would you follow it anyway?
Samantha’s brother, Zach, is finally home after a ninety-day rehab for his meth addiction, and life seems to be getting back to normal. That is, until Sam starts having dreams about dangerous situations involving drugs. But her visions are so vague that she doesn’t know who needs help. Of course she’s worried about Zach staying clean, especially since he’s hanging with the wrong crowd. But the whole school seems to be buzzing about drugs, and Sam doesn’t know who’s using and who’s not. What is wrong with these people anyway?
Then Sam has a vision of a burning cabin, and this time someone has been shot. Convinced that Zach is involved somehow, Sam chooses to leave Detective Ebony Hamilton out of the loop. If Zach really is involved, this will land him in jail for sure! But her own investigation is getting too hot to handle, and Sam must decide whether to risk getting Zach in trouble with the law– or ultimately risk his life.
About the Author
Read an Excerpt
My eyes sting from the heat. I blink and rub at them, trying to see what’s in front of me, but there’s so much smoke I feel blind. And there’s a nasty acrid smell that burns my throat as I attempt to breathe. It smells like something very bad is burning, something I shouldn’t be inhaling.
As I stumble along, I try to hold my breath. I know that I need to escape this place–fast! But then I trip over a wooden crate and fall smack down onto what feels like a filthy cement floor. It’s sticky and grimy down here with, I’m guessing, years’ worth of crud ingrained into the surface.
Despite the filth, I think maybe I’m safer down here. I recall a fireman, back when I was little, telling our class that the smoke isn’t as bad if you stay low. So I continue searching for the exit, crawling on my hands and knees. The air has gotten so thick that it feels like I’m fighting my way through a heavy curtain of murky darkness. I pull the neck of my T-shirt up over my face in an attempt to cover my nose and mouth. I can’t see a thing except for the eerie red glow off to my left, and I need to get away from that–it’s dangerous, deadly, and evil.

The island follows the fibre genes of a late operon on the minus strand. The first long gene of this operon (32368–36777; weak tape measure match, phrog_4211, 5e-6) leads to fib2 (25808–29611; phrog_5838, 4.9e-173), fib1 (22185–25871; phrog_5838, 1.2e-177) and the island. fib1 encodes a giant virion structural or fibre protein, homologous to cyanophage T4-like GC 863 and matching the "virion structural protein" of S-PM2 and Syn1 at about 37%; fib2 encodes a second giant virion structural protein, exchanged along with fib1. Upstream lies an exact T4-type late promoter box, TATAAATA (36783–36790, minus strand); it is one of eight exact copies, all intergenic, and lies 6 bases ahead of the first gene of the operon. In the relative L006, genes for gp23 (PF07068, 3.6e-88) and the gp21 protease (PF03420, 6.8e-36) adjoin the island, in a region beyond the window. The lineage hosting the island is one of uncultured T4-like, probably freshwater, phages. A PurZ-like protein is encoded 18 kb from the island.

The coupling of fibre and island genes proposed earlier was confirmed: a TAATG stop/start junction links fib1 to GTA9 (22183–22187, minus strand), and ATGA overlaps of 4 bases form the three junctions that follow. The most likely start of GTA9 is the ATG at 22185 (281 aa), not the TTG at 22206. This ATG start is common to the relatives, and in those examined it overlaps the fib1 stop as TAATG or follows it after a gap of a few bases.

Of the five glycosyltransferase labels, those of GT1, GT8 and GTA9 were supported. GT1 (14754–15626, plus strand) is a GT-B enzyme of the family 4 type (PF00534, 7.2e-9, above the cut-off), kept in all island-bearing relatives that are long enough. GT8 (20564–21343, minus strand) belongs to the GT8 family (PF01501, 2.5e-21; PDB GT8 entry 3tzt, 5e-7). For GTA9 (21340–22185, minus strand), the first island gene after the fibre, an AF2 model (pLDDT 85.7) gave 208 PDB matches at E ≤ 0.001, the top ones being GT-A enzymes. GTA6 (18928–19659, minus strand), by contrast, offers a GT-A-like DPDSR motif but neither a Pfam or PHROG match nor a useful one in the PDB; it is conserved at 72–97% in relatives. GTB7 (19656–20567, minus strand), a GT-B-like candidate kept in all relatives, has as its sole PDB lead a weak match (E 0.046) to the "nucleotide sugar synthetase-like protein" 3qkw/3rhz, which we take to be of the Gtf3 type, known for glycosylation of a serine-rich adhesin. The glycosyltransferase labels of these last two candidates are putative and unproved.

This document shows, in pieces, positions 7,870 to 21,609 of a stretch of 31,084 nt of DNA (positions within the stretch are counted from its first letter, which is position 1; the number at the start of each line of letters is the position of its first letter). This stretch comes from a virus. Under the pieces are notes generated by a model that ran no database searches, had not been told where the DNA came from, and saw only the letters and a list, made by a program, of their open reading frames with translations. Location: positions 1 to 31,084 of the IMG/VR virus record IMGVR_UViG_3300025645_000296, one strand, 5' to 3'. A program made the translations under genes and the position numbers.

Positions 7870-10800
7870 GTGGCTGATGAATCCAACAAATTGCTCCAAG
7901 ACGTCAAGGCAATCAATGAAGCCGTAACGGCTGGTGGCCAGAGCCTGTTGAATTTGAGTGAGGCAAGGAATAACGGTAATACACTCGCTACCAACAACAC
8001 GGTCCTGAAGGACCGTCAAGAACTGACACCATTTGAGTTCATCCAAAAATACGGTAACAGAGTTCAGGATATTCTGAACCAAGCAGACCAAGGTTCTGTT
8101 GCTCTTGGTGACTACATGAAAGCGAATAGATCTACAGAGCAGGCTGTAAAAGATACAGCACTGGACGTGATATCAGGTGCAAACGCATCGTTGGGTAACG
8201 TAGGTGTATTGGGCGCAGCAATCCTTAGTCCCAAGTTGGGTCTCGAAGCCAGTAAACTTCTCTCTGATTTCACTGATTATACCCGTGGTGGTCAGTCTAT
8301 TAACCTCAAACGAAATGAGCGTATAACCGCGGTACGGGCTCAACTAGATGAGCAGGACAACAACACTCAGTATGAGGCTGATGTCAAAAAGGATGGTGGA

I must keep moving in the opposite direction of the fire. My time is limited, and I need to get out of here– now! Shards of glass cut into my hands and knees as I creep along, and I keep bumping into cardboard boxes and plastic bottles and other sorts of unknown debris cluttering the place. It seems as if someone has been in here knocking things over, throwing things about, creating a huge mess that has become my obstacle course…or perhaps my deathtrap if I don’t escape.
I can’t give up I tell myself as I continue navigating through my smoky prison. There must be a door somewhere. If I got into this place, there has to be a way out. I just wish I knew where it is. I inch my way forward, upright on my knees now, my arms outstretched and flailing in front of me. If only I could find a wall to follow. Something that would lead me to a door or a window, anything that could get me out of here.
The heat is almost unbearable now. It feels like the back of my shirt is melting into my skin, like my lungs are about to collapse. And the putrid stench makes me want to vomit.
I suddenly wonder if this is what hell would feel like and how anyone could endure such torture. Is that where I am right now–in hell? But why? Why would I be in hell? Why would God allow that?
Finally my hands feel what seems to be a wall. I rise to my feet and quickly use the rough wooden surface to guide me. Splinters pierce my fingers, but that’s minor compared to the burning heat and the deadly smell. I work my way along this wall until I reach what I think is a window. It’s about three feet from the floor and feels as if a heavy, canvaslike cloth is covering the glass. I tug at the cloth, but it’s securely attached by what seem to be nails. Why would someone nail a window covering down?